PATH Act Places Additional Restrictions on Claims for Certain Credits
On December 18, 2015, President Obama signed the Protecting Americans from Tax Hikes Act of 2015 (the PATH Act) into law. In addition to creating and extending various tax incentives and modifying the process for issuance of Individual Taxpayer Identification Numbers (ITINs), the PATH Act also placed restrictions on retroactive claims for the Earned Income Tax Credit (EITC), the Child Tax Credit (CTC) and the American Opportunity Tax Credit (AOTC).
The Internal Revenue Code provides taxpayers with the opportunity to offset their tax liability using a number of established tax credits. These credits fall into two main categories: refundable and nonrefundable. If the total refundable credit amount available to an individual exceeds his or her tax liability, that individual will receive a cash refund equal to the difference between his or her total refundable credits and his or her tax liability. If an individual's nonrefundable credits exceed his or her tax liability, any excess credit amount will be either lost or carried forward to a future year.
Three of the credits most commonly used by individuals are the EITC, the CTC and the AOTC:
- EITC: The EITC is a refundable credit available to certain low-income workers. The maximum EITC amounts for 2015 are $6,242 for taxpayers with more than two qualifying children, $5,548 for taxpayers with two qualifying children, $3,359 for taxpayers with one qualifying child and $503 for taxpayers with no qualifying children. In the event that a taxpayer's EITC exceeds his or her tax liability, he or she will receive a refund of any unused credits.
- CTC: The CTC provides taxpayers with a nonrefundable credit of up to $1,000 for each of their qualifying children under the age of 17. The total maximum CTC a taxpayer may claim during a taxable year is based on his or her modified adjusted gross income (MAGI). The maximum credit amount decreases by $50 for each $1,000 (or fraction thereof) by which the MAGI of a single individual or head of household exceeds $75,000, the MAGI of a married couple filing jointly exceeds $110,000, or the MAGI of a married individual filing separately exceeds $55,000. In the event that a taxpayer's CTC exceeds his or her tax liability, and he or she is not therefore not able to take the full CTC amount, he or she will be eligible for a refundable additional child tax credit equal to a portion of his or her earned income in excess of $3,000.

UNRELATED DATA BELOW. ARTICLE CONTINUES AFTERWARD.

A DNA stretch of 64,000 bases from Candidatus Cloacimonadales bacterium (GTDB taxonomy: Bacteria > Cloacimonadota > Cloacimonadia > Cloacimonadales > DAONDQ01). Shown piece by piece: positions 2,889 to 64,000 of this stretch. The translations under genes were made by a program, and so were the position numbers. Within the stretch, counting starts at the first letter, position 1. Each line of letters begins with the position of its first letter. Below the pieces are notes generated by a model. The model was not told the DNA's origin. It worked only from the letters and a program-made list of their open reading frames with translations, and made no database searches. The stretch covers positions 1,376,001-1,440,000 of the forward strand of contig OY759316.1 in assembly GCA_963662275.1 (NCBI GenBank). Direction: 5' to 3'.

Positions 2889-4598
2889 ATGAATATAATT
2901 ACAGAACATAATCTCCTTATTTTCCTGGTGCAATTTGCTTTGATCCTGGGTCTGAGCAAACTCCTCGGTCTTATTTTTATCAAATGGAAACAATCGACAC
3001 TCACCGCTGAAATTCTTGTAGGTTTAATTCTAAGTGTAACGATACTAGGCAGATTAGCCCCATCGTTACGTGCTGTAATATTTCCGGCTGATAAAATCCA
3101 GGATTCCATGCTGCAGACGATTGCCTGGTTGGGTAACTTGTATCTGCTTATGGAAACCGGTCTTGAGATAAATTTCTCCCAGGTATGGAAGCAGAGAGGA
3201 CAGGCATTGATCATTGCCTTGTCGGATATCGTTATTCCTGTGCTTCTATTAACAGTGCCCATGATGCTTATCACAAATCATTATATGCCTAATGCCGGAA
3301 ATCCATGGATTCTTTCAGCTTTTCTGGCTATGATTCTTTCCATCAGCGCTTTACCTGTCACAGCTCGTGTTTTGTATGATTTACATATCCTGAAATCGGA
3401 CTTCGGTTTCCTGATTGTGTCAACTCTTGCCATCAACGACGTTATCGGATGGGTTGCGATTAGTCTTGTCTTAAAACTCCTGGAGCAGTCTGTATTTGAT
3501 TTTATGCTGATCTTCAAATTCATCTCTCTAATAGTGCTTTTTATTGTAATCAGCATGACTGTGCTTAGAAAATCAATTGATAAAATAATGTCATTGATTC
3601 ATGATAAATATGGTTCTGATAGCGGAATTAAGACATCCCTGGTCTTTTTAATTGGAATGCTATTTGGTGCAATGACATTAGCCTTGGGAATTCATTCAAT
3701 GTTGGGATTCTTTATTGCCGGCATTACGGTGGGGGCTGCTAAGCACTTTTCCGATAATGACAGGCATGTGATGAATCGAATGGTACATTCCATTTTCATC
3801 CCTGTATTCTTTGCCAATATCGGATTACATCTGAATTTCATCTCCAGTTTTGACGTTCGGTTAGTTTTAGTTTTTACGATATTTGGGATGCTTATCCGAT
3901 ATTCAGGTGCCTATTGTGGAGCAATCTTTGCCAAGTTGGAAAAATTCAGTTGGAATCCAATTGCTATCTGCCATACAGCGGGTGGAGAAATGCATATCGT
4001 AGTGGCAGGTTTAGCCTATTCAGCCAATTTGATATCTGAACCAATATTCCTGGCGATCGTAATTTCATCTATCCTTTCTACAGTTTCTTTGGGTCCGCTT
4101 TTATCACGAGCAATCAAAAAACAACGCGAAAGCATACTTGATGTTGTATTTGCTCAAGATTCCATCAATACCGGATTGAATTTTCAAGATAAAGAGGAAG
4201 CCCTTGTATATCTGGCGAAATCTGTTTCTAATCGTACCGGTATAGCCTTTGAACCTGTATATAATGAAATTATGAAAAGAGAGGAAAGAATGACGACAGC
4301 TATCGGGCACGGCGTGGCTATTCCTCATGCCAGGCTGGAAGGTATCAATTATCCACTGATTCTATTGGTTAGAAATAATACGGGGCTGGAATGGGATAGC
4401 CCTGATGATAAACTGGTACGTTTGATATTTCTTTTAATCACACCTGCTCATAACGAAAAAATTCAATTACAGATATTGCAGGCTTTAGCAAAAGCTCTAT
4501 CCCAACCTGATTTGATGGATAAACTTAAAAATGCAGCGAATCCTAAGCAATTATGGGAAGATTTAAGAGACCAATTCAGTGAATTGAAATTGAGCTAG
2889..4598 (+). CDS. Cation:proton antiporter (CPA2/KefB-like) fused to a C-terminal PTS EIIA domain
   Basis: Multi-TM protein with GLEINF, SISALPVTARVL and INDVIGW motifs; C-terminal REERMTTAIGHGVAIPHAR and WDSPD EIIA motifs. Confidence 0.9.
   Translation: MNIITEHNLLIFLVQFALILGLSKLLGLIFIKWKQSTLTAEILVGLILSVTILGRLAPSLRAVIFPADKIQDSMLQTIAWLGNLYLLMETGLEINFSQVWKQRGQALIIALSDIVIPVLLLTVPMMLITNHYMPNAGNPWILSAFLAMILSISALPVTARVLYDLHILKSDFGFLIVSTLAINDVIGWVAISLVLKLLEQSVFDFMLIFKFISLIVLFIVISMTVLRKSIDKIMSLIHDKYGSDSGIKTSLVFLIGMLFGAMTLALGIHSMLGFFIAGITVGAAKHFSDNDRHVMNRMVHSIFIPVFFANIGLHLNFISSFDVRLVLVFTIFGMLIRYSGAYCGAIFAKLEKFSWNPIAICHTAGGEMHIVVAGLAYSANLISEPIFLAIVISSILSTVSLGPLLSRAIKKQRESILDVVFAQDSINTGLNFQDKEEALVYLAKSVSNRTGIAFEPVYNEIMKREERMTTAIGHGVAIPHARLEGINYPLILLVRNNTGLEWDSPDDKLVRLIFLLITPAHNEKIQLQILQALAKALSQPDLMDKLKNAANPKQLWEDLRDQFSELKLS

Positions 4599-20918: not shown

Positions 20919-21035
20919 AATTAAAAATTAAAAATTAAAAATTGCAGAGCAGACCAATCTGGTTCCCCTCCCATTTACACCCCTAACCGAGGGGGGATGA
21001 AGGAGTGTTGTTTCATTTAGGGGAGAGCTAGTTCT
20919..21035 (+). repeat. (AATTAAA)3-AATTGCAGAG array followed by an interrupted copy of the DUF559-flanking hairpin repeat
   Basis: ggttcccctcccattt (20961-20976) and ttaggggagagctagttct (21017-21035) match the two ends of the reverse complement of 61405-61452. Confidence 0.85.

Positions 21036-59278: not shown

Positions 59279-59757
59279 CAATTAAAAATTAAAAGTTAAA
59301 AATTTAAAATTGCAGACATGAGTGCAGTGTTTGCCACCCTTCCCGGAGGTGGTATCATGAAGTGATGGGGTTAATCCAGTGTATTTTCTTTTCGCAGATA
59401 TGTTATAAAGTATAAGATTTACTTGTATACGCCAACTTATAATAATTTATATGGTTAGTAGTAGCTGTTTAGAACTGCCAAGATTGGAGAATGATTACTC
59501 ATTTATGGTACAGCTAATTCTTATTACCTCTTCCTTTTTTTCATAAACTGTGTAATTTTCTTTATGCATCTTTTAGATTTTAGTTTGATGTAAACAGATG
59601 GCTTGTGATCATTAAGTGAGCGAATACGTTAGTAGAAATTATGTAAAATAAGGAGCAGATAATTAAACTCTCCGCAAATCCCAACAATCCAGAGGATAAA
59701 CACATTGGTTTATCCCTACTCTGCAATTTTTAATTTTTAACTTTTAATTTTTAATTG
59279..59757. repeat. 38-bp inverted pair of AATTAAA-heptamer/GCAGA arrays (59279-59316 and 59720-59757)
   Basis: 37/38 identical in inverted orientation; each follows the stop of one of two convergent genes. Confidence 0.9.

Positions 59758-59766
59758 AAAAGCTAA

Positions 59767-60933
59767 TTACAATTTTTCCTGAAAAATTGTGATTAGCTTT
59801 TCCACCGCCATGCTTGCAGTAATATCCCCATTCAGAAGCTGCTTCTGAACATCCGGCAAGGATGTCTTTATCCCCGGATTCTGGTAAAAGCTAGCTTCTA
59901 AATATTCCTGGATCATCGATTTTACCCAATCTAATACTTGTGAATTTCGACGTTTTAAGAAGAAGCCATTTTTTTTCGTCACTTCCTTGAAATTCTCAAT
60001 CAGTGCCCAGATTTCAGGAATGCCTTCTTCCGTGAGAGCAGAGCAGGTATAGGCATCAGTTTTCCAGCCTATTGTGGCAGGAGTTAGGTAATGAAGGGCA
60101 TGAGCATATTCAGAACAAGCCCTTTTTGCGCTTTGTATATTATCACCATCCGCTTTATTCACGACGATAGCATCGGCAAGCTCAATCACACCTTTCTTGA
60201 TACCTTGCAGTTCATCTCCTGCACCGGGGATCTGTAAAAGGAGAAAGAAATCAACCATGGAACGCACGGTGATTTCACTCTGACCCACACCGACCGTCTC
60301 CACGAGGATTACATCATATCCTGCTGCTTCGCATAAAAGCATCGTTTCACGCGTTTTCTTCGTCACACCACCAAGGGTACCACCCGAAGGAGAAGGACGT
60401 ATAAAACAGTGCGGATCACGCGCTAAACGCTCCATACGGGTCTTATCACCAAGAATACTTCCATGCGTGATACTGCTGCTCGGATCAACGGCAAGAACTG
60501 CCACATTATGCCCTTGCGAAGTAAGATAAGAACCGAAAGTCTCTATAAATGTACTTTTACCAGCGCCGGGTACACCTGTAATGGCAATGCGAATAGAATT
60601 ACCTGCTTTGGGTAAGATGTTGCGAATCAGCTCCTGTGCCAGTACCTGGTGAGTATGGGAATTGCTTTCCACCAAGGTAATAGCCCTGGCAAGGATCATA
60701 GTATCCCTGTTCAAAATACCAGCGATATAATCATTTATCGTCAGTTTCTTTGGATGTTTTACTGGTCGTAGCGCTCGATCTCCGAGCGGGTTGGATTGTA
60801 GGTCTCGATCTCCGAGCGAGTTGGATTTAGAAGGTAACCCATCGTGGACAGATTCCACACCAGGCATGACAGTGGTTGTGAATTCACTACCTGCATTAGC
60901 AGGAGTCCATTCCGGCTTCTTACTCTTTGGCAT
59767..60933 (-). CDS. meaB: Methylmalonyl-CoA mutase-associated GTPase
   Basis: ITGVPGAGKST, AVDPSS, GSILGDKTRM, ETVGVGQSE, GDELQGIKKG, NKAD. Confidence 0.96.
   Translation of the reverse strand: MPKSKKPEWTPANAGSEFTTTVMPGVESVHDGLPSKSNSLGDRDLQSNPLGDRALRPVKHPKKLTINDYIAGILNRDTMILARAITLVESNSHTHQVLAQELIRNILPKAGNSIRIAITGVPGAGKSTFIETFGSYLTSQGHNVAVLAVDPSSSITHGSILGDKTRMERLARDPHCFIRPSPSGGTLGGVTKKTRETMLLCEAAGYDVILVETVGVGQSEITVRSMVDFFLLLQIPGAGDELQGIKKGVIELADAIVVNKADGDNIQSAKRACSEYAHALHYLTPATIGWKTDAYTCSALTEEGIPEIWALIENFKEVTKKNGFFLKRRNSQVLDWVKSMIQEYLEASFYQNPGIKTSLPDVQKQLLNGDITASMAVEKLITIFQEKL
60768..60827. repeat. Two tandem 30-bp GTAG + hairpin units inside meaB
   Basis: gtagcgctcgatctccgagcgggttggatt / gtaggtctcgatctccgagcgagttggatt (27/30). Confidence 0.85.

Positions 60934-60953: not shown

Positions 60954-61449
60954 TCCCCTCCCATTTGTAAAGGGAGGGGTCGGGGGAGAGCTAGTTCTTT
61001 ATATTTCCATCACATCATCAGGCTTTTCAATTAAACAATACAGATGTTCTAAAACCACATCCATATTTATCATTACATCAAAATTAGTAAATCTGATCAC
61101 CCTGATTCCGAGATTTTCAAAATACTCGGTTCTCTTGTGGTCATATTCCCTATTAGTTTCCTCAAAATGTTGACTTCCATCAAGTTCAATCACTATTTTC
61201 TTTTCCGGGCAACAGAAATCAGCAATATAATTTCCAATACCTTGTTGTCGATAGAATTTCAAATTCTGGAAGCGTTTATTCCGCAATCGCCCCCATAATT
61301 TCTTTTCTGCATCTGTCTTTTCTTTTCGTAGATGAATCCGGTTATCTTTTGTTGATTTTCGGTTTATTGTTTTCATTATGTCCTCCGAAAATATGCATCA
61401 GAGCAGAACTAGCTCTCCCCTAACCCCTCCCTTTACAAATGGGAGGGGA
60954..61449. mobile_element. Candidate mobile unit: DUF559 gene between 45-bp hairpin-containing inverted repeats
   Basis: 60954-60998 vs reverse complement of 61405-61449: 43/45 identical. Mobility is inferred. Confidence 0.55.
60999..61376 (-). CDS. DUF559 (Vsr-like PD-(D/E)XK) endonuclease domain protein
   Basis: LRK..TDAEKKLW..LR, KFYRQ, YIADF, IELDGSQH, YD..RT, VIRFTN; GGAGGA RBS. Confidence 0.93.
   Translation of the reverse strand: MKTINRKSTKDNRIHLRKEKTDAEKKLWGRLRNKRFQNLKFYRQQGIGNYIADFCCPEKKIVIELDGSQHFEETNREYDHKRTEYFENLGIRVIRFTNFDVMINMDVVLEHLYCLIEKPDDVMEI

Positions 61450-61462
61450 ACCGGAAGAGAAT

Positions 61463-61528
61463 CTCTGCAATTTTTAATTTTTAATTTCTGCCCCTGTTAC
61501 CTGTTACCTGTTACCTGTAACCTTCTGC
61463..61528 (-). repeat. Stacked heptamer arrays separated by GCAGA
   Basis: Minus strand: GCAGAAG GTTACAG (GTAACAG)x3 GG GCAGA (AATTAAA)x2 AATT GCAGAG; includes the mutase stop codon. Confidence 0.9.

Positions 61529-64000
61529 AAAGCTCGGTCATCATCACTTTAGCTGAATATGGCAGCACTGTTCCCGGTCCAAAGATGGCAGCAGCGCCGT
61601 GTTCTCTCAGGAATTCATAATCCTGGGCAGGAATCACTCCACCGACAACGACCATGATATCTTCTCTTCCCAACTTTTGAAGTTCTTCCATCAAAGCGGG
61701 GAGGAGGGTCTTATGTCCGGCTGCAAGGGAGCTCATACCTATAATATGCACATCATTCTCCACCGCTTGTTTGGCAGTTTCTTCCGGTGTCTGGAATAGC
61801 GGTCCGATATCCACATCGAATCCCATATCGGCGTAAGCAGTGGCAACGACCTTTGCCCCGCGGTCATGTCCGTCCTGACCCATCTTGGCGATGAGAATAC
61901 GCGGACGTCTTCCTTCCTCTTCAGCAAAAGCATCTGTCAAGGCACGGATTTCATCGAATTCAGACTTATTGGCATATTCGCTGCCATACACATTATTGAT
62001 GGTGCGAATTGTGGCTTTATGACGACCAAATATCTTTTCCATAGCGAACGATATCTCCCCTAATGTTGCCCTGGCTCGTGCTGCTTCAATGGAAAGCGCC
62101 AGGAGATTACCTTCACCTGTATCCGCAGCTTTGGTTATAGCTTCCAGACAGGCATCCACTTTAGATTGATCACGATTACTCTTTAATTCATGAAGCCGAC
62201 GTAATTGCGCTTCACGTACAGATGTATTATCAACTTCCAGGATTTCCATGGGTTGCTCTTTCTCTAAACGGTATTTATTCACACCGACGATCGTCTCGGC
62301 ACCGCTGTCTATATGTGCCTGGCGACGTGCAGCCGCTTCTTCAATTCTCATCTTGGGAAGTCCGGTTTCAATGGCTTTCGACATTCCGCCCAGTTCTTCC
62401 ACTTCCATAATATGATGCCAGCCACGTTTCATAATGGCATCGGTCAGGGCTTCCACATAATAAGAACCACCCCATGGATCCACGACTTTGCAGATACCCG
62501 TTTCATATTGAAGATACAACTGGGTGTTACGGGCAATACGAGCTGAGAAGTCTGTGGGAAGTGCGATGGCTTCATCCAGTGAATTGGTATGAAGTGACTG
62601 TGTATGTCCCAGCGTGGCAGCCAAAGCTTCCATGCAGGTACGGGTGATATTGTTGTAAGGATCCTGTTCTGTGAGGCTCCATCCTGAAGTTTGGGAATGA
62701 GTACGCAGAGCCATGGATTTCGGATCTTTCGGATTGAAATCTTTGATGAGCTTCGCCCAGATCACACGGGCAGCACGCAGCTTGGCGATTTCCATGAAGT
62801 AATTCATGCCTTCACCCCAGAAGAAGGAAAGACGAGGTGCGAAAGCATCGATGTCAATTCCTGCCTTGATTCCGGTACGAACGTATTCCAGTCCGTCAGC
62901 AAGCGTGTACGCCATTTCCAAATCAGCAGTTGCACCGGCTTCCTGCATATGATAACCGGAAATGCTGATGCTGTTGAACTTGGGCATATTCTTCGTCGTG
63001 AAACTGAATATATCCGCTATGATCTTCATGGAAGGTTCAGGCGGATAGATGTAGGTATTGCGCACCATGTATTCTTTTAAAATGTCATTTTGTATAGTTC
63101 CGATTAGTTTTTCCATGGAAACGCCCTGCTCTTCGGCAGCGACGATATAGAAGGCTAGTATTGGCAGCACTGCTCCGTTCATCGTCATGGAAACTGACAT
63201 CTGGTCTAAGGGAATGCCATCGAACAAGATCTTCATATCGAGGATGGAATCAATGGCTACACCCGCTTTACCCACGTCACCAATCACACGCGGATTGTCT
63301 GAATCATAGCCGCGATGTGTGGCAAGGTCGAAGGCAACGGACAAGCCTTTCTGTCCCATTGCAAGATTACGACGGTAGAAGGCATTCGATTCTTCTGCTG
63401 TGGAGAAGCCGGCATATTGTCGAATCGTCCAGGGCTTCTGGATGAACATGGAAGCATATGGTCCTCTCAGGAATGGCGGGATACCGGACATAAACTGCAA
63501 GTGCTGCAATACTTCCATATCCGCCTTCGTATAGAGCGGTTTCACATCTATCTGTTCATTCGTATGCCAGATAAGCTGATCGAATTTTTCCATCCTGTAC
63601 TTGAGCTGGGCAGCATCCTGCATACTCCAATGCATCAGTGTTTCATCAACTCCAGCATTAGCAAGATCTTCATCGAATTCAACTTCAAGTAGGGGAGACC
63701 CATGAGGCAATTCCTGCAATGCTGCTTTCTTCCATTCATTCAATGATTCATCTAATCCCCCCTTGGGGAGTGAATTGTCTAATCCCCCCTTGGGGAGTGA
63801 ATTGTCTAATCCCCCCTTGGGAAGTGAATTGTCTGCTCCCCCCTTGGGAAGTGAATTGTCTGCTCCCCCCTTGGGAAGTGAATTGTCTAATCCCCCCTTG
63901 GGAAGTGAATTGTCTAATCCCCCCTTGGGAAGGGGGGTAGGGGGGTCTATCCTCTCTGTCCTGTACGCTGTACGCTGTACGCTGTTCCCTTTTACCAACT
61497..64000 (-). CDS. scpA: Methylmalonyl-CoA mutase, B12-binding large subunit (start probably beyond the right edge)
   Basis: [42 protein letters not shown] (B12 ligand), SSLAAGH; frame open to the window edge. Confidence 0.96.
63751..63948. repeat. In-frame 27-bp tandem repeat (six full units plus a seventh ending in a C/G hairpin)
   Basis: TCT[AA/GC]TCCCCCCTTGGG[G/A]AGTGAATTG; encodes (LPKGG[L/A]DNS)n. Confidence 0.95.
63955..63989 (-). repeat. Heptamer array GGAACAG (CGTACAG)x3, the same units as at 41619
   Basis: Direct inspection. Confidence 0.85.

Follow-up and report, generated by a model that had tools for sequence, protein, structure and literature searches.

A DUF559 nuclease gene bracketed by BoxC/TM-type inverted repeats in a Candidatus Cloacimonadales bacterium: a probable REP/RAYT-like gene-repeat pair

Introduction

- AOTC: The AOTC provides qualifying taxpayers with a partially refundable credit of up to $2,500 per eligible student per year for qualified tuition and related expenses paid for each of the first four years of the student's post-secondary education in a degree or certificate program. The AOTC is equal to 100% of the first $2,000 spent during the taxable year on tuition, fees and course materials, plus 25% of the next $2,000. The maximum credit amount of $2,500 is reduced for taxpayers whose MAGI exceeds $80,000 (for single individuals, head of household and married individuals filing separately) or $160,000 (for joint filers), and the credit is unavailable to taxpayers whose MAGI exceeds $90,000 (for single individuals, head of household and married individuals filing separately) or $180,000 (for joint filers). In the event that a taxpayer's AOTC exceeds his or her tax liability, he or she may receive a refund equal to the lesser of (1) 40% of his or her total remaining AOTC or (2) $1,000.
Impact of the PATH Act on Claims for the EITC, CTC and AOTC
The PATH Act implemented three new restrictions on claims by certain taxpayers for the EITC, CTC or AOTC:
- Taxpayers receiving their social security numbers in 2015 are prohibited from filing prior year returns (or amending their previously-filed returns for prior years) to claim the EITC;
- Taxpayers receiving their ITINs in 2015 are prohibited from filing their prior year returns (or amending their previously-filed returns for prior year) to claim the CTC or AOTC; and
- Taxpayers claiming the EITC, CTC or AOTC (both retroactively and prospectively) are prohibited from including a qualifying child (in the case of the EITC or CTC) or a student (in the case of the AOTC) in their credit calculations for any year in which that child or student did not have an ITIN.
Taxpayers timely filing their returns for tax year 2015 will be exempt from these restrictions. However, these restrictions still apply to returns filed for tax years prior to 2015, and tax years beginning in on or after January 1, 2016.
For More Information
If you have any questions regarding this update, or would like some additional information regarding these changes, please contact Attorney Alison Helland at Murphy Desmond S.C. by phone at (608) 268-5568 or via e-mail at email@example.com.